4024 Virginia AV

Shoreview, MN 55126

September 24, 2003




The Summer 2003 issue of the Mounds View District’s “School Talk” quotes a February 14, 2003 Forbes article quoting Ruth Kennedy.  “…Property values can vary as much as 30 to 40 percent based on the local school district.”  Ms. Kennedy is a principle of Land Vest, Inc., a New England firm focusing on “…land, estates and high quality homes…”   A  review of www.landvest.com indicates that the typical $200,000 home doesn’t make the cut for Landvest, who’s market is characterized by homes in the $1,000,000+ range.  The context of that quote is that property values can be influenced positively in communities with  strong local schools and ivy league colleges.  Counter to the School Talk quote, it’s unlikely that the results of the upcoming levy will affect your $200,000 home’s value by 30-40% one way or another.


The Forbes article also references a January 2003 paper from the National Bureau of Economic Research which “…found that for every $1 increase in state aid spending per pupil, property values increased $20 in aggregate per pupil housing.”  Let’s assume for a minute that our upcoming levy is in fact state aid.  The levy will add $533 per student to the district. Using that 20:1 ratio, our property value could rise approximately $10,000, or only 5%, not 30-40% on that mythical $200,000 home.  But of course it’s not from state aid, but money directly from the resident’s pockets, as was the previous levy currently in force. In a sense you are buying the increase in market value.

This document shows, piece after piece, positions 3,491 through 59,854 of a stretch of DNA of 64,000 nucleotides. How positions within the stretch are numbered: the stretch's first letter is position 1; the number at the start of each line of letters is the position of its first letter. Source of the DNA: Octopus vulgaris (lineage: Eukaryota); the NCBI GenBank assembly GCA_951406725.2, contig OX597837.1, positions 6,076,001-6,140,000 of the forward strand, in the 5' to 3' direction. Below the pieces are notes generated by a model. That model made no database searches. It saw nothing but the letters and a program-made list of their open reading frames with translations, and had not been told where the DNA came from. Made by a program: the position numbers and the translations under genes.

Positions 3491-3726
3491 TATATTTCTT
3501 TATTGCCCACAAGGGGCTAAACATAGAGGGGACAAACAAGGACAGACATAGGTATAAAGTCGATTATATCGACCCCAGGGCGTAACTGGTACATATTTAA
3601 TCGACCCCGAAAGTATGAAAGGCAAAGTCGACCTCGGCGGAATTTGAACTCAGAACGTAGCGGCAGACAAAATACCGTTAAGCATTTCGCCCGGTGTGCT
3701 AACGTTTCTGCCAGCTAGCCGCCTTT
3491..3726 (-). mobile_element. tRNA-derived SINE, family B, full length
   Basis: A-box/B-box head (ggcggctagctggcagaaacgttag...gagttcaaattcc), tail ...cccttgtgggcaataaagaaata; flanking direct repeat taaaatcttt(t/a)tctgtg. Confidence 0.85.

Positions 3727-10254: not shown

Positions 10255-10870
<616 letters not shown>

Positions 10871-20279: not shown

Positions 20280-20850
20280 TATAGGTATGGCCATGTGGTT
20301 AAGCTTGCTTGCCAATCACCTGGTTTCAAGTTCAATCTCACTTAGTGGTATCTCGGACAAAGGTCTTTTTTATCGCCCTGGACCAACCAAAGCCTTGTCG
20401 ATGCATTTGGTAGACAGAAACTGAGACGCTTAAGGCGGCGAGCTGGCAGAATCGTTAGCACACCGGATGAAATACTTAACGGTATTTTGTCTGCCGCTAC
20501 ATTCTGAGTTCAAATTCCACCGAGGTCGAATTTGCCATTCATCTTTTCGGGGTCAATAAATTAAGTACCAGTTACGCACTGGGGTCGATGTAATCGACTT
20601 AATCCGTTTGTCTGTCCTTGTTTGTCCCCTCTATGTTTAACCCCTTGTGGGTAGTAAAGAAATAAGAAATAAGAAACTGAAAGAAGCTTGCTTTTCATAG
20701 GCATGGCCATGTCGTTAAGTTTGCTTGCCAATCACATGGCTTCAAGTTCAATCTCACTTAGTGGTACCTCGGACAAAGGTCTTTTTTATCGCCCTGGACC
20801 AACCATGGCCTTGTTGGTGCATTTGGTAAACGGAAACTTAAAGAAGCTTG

While there can be no doubt that families with school-age children would select a district with better schools if similar housing choices and costs were available, we should also ask if that same family would choose a Mounds View District home if local at-risk levies  were a significant portion of per pupil funding. Home buyers without school-age children are likely to choose a home with lower rather than higher taxes, given similar non-education comparables. 


Education funding decisions need to be made on the basis of true need and measurable outcomes.  A focus on ‘market values’ diverts our attention from the fundamental equal educational opportunities that all Minnesota children deserve, regardless of the market values of their district’s homes or the ability to pass or fail a levy. 




John Leeper

651.490.0236 H

612.804.5550 C